The commitment is part of the Eliminate Yellow Fever Epidemics (EYE) in Africa strategy, which was launched by Dr Tedros Adhanom Ghebreyesus, WHO director-general, Professor Isaac Folorunso Adewole, Nigeria’s Minister of Health and partners at a regional meeting in Abuja, Nigeria on Tuesday (10 April).
"The world is facing an increased risk of yellow fever outbreaks and Africa is particularly vulnerable," said Tedros. "With one injection we can protect a person for life against this dangerous pathogen. This unprecedented commitment by countries will ensure that by 2026 Africa is free of yellow fever epidemics."
During the three-day EYE strategy regional launch meeting representatives from key African countries, WHO, Unicef Gavi, and other partners are developing a roadmap on how to roll-out the EYE strategy at national level. This implementation effort follows the endorsement of the strategy by African Ministers of Health at the 67th WHO regional committee in September 2017.
"This comprehensive, global strategy offers an unprecedented opportunity to end the devastating Yellow fever epidemics that periodically impact Africa," said Dr Seth Berkley, CEO of Gavi, the Vaccine Alliance. "Ensuring that the most vulnerable communities have access to the vaccine through routine systems plays a central role in making this happen. Vaccine manufacturers and Gavi partners have worked hard to improve the global vaccine supply situation in recent years to make sure there is enough vaccine to respond to outbreaks, allow preventive campaigns and that routine immunisation functions at full capacity."
The three objectives of the strategy include protecting at-risk populations through preventive mass vaccination campaigns and routine immunisation programmes, preventing international spread, and containing outbreaks rapidly. Developing strong surveillance with robust laboratory networks is key to these efforts.
Unicef will make vaccines available, advocate for greater political commitment and provide support in vaccinating children through routine immunisation as well as during outbreaks of the disease.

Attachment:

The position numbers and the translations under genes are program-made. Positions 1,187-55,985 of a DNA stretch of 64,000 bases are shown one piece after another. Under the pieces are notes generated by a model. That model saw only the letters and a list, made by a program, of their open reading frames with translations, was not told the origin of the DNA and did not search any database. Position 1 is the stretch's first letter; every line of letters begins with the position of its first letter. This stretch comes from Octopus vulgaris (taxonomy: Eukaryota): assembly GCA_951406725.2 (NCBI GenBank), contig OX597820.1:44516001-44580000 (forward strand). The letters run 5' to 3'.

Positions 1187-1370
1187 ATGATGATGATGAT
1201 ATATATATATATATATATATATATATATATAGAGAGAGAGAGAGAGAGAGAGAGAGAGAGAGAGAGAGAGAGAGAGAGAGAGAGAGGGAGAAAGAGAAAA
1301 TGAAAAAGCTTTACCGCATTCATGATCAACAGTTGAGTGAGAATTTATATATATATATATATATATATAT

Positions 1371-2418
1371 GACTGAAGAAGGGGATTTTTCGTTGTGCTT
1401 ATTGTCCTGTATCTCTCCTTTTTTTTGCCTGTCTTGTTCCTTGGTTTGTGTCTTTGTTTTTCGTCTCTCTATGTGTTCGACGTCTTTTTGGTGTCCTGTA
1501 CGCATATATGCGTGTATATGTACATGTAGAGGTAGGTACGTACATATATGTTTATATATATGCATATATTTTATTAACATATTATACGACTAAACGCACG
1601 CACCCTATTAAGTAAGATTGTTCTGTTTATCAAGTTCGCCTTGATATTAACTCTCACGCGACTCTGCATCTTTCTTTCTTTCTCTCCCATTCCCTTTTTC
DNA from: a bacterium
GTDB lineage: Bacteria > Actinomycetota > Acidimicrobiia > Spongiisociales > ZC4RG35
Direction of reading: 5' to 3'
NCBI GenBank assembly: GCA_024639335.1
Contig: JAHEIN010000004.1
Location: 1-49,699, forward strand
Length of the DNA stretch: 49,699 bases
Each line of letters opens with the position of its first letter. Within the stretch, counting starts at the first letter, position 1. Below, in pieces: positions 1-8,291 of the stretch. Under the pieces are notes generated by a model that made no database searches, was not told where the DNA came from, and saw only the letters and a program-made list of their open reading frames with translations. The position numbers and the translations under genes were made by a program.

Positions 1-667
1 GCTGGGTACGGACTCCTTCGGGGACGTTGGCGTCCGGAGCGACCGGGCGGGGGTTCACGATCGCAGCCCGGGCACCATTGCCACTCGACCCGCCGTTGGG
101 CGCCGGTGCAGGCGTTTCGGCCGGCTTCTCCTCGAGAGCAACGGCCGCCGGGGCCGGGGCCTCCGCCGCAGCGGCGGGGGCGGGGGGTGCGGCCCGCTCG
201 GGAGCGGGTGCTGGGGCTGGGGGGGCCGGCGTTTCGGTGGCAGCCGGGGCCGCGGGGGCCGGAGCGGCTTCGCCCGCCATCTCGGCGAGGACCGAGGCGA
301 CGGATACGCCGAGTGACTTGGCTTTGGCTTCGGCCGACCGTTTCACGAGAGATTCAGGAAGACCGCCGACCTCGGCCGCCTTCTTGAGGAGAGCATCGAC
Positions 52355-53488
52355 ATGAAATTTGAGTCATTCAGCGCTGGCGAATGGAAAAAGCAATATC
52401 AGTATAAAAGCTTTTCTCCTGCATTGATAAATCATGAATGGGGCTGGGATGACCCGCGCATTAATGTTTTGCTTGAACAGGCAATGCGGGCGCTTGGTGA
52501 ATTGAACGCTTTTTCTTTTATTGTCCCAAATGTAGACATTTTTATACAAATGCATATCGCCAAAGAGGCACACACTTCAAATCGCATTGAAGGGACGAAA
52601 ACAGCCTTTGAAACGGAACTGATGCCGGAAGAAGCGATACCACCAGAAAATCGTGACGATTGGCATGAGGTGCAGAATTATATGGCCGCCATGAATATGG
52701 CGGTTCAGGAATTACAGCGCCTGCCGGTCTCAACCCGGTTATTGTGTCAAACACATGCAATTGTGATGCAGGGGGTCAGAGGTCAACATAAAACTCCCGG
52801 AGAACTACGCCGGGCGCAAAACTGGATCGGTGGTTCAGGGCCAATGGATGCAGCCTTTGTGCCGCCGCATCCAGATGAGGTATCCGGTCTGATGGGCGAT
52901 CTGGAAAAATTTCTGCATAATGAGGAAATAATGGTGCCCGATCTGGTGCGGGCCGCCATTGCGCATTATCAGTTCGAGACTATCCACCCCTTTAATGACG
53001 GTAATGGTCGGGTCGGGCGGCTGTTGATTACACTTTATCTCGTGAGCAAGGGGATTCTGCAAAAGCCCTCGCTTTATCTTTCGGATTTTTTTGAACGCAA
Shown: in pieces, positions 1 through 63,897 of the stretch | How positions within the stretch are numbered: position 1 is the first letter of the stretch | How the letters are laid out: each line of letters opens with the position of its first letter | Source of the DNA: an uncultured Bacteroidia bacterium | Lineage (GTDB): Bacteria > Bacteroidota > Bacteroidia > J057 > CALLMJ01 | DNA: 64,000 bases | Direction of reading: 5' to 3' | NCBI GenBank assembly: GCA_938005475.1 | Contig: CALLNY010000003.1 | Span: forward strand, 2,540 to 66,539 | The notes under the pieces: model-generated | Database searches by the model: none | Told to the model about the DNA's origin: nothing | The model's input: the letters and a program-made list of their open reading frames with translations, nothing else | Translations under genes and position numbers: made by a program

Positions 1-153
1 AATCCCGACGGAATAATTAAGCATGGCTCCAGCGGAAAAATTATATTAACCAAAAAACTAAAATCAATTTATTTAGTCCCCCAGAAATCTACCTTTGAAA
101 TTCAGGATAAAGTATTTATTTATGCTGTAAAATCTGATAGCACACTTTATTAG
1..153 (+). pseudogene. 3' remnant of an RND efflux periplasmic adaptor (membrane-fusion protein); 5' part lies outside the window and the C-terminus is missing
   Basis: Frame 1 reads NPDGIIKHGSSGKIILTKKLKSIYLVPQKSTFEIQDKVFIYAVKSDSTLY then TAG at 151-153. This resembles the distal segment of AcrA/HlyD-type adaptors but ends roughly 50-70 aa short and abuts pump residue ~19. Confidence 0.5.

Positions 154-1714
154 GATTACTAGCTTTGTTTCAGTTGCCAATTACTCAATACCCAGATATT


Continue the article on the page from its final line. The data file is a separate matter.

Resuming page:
"Today, the threat of yellow fever looms larger than ever before, especially for thousands of children across Africa," said Stefan Peterson, Unicef's chief of health. "Given that almost half of the people to be vaccinated are children under 15 years of age, this campaign is critical to saving children’s lives, and would go a long way toward stamping out this disease."
After outbreaks of yellow fever in densely populated cities in Angola and the Democratic Republic of Congo caused 400 deaths in 2016, the acute viral haemorrhagic disease re-emerged as a serious global public health threat. Brazil is currently battling its worst outbreak of yellow fever in decades with more than 1,000 confirmed cases. The ease and speed of population movements, rapid urbanisation and a resurgence of mosquitoes due to global warming have significantly increased the risk of urban outbreaks with international spread.
Experience in West Africa demonstrates that the EYE strategy can work. When yellow fever re-emerged as a public health issue in the early 2000s, countries in the region controlled the epidemics through preventive mass campaigns combined with routine immunization. No yellow fever epidemics have been recorded since in countries which successfully implemented this approach.